Signals at different peer discovery intervals are linked according to a predetermined link constraint function. For example, it is determined whether there is at least one beacon signal at each peer discovery interval in a series of peer discovery intervals. Symbol indicators and tone indicators for each beacon signal are estimated. In addition, a predetermined link constraint function is applied so that a first beacon signal in one peer discovery interval and a second beacon signal in different peer discovery intervals in a series of peer discovery intervals are associated with the same identifier. It is determined whether or not Accordingly, when it is determined that the first beacon signal and the second beacon signal are related to the same identifier, the first beacon signal and the second beacon signal derive the identifier. Used to. For example, the predetermined link function is a constraint function that must be satisfied by a symbol indicator and a tone indicator of the first beacon signal and the second beacon signal. As a further example, the constraint function can be that the symbol index of the first beacon signal is equal in modulo to at least one of the tone index or symbol index of the second beacon signal, and the modulus is a predetermined constant. It is.

  According to another example, the identifier is identified based at least in part on a stored list of known identifiers. For example, the derived identifier can be compared with a list of known identifiers to determine if the derived identifier matches any of the known identifiers. Further, when the derived identifier matches one known identifier, it can be determined that the corresponding wireless terminal device or user exists in the vicinity.

  According to another example, a different signal sequence (eg, a fourth signal) can be generated based on a hash function. This hash function may take into account different identifiers (eg, a wireless terminal device that generates this different sequence, ie, a second identifier associated with a user using such wireless terminal device) and / or a time counter variable. it can. According to this embodiment, different signal sequences are transmitted over a series of peer discovery intervals (eg, can be similar to or different from the series of peer discovery intervals from which the received sequence was acquired). Thus, it is possible to identify different identifiers by different wireless terminal devices with which these signals can be communicated.

  Now referring to FIG. 10, illustrated is a methodology 1000 that facilitates decoding signal sequences acquired from peers in a peer-to-peer environment. At 1002, a first signal is detected during a first peer discovery interval. For example, this signal is a beacon signal. Further, for example, since this signal is a beacon signal, tones on symbols (eg, OFDM symbols) are positioned within the first peer discovery interval. This tone is a high energy tone (eg, high received power). At 1004, a second signal is detected during a second peer discovery interval. It is also contemplated that any number of different signals may be detected during the first peer discovery interval and / or during the second peer discovery interval. At 1006, the first signal is linked to the second signal based on a peer-constrained function in a peer-to-peer environment. For example, this function is a predetermined fixed rule that is used to encode and decode peer discovery signals communicated in a peer-to-peer environment. It should be understood that virtually any such function (eg, reversible) is intended to be within the scope of the claimed subject matter. Further, two or more signals from different peer discovery intervals may be linked to provide a signal sequence corresponding to the transmitting peer. According to another embodiment, each of these signals can provide information related to how the signal should be linked to the next signal. At 1008, peer identifiers are identified from these linked signals. According to one embodiment, each of these signals can provide information related to a portion of the identifier. As a further example, the data capacity associated with each of these signals is smaller than the size of the identifier (eg, each signal provides 10 bits of information, whereas the identifier is 32 bits or more). .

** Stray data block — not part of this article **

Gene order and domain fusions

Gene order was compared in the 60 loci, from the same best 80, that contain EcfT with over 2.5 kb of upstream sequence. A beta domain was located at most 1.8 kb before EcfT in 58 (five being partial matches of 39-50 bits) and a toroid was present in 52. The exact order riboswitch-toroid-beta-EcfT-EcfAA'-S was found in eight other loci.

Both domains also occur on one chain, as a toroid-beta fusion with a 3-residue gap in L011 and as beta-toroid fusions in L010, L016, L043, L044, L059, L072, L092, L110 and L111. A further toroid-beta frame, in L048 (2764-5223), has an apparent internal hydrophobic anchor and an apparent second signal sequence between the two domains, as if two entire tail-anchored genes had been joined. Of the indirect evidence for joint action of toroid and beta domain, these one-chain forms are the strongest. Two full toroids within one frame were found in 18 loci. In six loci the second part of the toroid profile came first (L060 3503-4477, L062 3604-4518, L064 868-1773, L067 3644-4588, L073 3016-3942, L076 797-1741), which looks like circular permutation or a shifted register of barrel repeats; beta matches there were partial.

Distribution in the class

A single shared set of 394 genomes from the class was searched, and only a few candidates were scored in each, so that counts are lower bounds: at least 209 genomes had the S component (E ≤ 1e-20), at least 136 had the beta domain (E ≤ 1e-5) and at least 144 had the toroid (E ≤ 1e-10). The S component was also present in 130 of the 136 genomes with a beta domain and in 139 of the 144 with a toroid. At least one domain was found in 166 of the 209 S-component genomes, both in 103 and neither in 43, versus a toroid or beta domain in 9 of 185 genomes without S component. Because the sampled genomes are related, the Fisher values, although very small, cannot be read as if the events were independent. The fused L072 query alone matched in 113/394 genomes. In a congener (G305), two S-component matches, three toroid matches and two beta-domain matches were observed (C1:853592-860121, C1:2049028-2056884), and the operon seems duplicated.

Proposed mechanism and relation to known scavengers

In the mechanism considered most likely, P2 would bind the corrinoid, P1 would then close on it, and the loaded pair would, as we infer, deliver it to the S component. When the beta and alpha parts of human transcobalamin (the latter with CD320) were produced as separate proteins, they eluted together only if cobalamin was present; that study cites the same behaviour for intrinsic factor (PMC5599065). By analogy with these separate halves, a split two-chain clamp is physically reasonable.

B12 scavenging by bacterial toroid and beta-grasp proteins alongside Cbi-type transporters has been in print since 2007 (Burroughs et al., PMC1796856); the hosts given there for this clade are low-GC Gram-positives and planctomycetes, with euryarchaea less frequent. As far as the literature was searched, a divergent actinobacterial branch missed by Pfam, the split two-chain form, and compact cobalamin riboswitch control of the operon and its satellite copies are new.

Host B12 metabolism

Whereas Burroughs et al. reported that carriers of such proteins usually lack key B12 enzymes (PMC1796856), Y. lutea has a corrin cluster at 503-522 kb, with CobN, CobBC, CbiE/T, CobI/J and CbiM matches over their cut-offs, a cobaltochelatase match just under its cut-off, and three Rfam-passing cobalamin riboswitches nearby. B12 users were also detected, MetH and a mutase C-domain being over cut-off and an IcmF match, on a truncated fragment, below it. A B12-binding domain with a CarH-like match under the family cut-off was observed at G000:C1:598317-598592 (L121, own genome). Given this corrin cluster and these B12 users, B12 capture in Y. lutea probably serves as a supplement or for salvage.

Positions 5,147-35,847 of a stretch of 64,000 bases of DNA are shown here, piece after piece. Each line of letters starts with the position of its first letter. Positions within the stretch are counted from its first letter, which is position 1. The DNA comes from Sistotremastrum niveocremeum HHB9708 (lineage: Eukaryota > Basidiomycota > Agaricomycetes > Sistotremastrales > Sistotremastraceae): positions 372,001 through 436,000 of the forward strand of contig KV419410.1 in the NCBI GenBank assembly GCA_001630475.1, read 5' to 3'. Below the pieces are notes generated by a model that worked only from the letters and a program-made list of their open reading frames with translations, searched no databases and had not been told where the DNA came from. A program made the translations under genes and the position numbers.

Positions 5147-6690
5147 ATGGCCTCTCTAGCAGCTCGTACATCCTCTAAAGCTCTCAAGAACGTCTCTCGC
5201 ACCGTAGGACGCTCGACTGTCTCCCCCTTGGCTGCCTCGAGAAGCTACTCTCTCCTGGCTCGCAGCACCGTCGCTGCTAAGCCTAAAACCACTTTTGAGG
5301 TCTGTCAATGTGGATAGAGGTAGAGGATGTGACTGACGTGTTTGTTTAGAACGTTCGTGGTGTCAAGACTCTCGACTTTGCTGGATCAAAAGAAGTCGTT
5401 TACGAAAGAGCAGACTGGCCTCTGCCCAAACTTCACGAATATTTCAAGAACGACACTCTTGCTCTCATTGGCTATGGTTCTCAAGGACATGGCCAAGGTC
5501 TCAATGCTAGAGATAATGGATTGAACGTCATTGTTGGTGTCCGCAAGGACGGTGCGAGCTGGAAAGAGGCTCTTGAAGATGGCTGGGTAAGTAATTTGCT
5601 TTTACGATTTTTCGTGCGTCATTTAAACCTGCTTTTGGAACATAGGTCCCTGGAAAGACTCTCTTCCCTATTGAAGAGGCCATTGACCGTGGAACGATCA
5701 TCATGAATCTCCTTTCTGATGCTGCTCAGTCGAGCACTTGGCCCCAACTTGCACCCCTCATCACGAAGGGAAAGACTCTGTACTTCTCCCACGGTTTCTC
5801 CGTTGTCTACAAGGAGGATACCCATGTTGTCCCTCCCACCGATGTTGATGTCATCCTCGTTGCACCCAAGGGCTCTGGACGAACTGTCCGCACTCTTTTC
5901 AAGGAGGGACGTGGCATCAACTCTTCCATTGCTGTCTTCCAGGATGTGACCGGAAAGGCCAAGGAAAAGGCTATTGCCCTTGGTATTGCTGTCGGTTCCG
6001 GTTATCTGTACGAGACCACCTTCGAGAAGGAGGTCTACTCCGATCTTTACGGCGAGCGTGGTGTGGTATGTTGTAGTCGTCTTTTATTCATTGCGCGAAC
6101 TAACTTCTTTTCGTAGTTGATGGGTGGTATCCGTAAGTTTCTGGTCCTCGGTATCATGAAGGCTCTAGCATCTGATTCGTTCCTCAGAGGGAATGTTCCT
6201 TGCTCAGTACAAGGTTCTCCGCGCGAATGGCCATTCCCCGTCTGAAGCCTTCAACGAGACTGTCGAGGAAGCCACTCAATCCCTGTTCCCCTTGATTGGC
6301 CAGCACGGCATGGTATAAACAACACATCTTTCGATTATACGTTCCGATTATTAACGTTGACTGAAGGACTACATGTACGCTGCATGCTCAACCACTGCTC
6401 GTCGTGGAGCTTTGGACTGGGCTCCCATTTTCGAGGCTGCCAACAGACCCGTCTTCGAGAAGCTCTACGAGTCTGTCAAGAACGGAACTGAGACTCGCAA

In addition, this function (eg, a lossless function) is used to encode and transmit the signal during the peer discovery interval. Further, this function may allow link related information and / or encoding these signals to provide information related to the identifier of the transmitting wireless terminal. According to an example, a wireless terminal device can encode a signal including information relating to the identifier of the wireless terminal device and how to link the signals and transmit the encoded signal to a peer. The device may also receive signals from peers and decode based on link information from the received signals to identify such peer identifiers.